“The members of the Security Council expressed deep concern over the deteriorating security and humanitarian situation in Haiti. They condemned in the strongest terms the increasing violence, criminal activities, and human rights abuses and violations which undermine the peace, stability and security of Haiti and the region.”  SECURITY COUNCIL PRESS STATEMENT ON HAITI, 23 MAY 2023 

It is estimated that 530 people in Haiti were killed in the opening weeks of 2023, including 300 injuries and 277 kidnappings in gang-related incidents. During the first week of June a 5.5 magnitude quake struck in the department of Grand’Anse, followed by torrential rains displacing more than 13,000 people. 

The 2030 Agenda for Sustainable Development recognizes that there can be no sustainable development without peace and no peace without sustainable development.  UNSSC’s Peace and Security hub is responding to these calls by providing inclusive, high-quality learning solutions which strengthen the UN’s ability to work across pillars to prevent and mitigate conflict, to build resilient societies and to contribute meaningfully to sustainable peace.  In partnership with UNDP, UN Women and the PBF Secretariat, the Staff College recently held a Training of Trainers (ToT)  - Formation de formateurs - Sensibilité aux conflits et Médiation en Haïti (Training of Trainers - Conflict Sensitivity and Mediation in Haiti). 


A ToT workshop is intended to build a pool of competent instructors who can then teach the knowledge, resources and material to other people. Having multiple trainers teaching the same course at the same time in the ToT model, creates broader reach, sustainability, and much more cost and time efficiency.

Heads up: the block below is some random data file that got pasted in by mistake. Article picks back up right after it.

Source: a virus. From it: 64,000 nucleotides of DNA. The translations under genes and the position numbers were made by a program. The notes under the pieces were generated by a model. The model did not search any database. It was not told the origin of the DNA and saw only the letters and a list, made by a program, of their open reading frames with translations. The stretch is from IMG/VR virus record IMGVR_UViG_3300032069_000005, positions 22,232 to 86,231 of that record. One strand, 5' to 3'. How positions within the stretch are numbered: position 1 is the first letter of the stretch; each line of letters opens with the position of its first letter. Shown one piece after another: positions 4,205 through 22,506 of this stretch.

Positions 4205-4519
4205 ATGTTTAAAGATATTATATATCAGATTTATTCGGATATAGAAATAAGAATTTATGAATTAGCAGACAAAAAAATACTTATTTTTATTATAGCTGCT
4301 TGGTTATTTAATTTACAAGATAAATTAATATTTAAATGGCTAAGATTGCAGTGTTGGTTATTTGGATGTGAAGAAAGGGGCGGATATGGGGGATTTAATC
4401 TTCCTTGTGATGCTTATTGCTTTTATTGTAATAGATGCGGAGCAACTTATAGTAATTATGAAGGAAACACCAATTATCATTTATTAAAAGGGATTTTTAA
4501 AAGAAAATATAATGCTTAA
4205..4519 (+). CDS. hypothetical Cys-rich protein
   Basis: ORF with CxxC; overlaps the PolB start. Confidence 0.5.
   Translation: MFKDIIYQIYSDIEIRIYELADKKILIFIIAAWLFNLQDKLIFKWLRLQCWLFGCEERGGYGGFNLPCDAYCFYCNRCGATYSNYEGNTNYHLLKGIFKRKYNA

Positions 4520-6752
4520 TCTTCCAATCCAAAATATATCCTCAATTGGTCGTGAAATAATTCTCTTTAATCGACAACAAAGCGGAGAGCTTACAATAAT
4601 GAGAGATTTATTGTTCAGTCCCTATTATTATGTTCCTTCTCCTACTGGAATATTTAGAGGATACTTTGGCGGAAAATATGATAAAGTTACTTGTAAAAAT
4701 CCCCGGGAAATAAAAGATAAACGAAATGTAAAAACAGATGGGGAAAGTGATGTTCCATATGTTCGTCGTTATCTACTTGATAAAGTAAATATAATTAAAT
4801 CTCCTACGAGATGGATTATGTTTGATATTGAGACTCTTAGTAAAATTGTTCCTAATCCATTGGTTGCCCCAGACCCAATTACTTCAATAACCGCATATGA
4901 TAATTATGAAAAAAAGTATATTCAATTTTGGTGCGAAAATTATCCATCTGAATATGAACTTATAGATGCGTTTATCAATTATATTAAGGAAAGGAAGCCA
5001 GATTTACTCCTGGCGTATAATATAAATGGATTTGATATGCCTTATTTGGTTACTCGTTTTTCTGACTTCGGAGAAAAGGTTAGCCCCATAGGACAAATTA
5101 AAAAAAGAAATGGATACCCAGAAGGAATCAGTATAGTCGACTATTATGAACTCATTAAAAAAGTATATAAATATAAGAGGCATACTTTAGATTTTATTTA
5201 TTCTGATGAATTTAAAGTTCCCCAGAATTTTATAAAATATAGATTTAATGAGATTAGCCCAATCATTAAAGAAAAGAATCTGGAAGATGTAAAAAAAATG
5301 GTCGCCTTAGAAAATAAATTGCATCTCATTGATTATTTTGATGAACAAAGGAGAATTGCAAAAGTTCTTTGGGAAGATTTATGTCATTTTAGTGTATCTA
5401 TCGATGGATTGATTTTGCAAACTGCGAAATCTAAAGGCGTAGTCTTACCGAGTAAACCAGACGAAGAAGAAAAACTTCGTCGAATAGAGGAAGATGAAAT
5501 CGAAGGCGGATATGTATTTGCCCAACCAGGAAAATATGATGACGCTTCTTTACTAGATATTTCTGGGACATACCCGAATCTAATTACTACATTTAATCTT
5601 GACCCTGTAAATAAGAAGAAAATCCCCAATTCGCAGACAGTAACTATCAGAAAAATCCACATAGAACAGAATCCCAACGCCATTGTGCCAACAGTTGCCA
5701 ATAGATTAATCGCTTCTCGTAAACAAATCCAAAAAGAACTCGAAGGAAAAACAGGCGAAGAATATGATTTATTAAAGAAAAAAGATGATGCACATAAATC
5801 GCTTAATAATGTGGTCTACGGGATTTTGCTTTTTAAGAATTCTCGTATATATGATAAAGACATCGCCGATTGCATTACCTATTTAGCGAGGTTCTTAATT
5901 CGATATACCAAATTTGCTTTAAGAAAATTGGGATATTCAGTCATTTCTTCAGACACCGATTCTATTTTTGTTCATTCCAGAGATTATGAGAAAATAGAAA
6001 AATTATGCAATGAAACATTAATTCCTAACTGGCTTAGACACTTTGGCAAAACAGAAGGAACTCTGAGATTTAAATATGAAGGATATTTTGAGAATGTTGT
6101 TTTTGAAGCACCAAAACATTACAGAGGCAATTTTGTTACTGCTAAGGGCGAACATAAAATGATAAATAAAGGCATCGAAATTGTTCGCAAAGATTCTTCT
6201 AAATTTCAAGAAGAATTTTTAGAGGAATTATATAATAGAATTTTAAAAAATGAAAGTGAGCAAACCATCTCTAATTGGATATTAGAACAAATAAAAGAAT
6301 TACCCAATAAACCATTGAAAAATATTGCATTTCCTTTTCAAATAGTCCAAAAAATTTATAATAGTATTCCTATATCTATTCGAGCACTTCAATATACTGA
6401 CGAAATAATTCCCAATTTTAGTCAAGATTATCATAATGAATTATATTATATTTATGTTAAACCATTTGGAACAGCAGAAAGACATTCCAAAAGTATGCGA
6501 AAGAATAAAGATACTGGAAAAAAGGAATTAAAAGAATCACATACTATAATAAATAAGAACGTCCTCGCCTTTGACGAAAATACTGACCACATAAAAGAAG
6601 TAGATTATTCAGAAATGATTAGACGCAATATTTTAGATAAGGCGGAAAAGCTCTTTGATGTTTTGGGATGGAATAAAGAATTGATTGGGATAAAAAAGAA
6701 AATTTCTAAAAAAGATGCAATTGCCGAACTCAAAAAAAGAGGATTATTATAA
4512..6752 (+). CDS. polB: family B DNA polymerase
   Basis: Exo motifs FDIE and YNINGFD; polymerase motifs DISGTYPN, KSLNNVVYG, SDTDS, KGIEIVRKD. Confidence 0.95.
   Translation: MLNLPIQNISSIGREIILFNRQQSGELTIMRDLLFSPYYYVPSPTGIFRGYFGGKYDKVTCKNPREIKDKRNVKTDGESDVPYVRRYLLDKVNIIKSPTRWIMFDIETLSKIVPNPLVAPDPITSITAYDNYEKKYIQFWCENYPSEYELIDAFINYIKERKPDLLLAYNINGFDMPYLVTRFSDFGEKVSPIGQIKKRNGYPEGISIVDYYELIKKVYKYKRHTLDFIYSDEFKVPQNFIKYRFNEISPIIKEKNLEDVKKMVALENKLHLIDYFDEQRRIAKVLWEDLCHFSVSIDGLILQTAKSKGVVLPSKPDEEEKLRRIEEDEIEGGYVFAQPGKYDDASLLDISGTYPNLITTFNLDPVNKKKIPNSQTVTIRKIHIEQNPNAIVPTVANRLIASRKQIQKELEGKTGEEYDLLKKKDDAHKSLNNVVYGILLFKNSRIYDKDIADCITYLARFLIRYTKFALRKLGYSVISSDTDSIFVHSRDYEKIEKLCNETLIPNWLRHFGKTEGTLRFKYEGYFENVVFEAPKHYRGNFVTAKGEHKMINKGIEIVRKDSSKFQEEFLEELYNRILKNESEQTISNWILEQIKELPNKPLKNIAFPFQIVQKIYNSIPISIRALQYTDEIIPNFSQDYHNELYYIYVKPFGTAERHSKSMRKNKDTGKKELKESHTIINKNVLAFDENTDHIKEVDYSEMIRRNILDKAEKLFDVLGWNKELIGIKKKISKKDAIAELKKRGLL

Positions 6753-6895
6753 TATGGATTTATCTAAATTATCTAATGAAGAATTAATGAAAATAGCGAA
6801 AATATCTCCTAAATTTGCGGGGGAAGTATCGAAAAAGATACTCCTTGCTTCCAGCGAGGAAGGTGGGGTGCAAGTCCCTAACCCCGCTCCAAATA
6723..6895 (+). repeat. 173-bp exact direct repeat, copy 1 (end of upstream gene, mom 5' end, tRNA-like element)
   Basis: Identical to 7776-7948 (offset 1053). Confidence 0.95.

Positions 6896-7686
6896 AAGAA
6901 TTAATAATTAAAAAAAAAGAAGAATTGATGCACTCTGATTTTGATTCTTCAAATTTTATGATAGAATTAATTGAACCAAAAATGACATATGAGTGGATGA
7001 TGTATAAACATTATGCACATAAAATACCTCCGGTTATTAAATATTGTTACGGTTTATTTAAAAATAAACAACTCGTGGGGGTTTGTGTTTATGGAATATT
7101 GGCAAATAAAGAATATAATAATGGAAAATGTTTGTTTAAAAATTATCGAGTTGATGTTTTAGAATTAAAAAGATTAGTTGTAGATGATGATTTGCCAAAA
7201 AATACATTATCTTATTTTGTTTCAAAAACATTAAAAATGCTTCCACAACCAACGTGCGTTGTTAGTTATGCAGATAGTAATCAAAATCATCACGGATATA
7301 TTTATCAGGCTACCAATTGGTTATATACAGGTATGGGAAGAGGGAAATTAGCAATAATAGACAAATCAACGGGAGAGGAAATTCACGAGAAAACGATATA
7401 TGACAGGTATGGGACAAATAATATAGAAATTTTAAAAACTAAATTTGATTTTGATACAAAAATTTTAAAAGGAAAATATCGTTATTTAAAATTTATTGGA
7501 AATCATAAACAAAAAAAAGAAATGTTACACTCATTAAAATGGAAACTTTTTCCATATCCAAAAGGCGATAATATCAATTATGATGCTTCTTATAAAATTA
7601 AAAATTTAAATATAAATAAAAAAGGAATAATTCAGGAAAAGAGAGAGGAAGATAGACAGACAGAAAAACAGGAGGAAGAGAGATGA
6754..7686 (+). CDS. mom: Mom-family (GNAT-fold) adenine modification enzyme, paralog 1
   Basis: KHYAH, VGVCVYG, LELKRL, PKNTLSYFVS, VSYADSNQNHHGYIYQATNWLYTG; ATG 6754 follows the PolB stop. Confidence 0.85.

This blog post explores our key takeaways from our time in Haiti.

  1. The Blended Approach: Fusing Tradition and Technology: Blended learning combines traditional face-to-face training with digital tools and online platforms. The online components of our offerings are hosted on UNSSC’s online portal – UNKampus30 or “e-Lounge.” With ToTs, this blended approach leverages the strengths of both face-to-face and virtual learning environments. It enables trainers to access learning materials, engage in discussions, and collaborate remotely, overcoming mobility restrictions imposed by Haiti's security situation. The blended approach ensures continuity in training, even during challenging times, and empowers trainers to cascade their knowledge effectively, leading to sustainable change within their communities.
  2. Adaptation of Learning Materials: The Case of La Saline: To ensure the relevance and contextual appropriateness of training materials, the programme incorporated case studies based on the local context. One such example is the case study on La Saline, a neighbourhood in Port-au-Prince affected by recurring conflicts. By examining real-life scenarios, trainers can develop a deeper understanding of conflict dynamics in Haiti and apply conflict sensitivity and mediation strategies that are tailored to the local context. This adaptation of learning materials enhances the practical application of acquired knowledge and equips trainers to address conflict-related challenges effectively.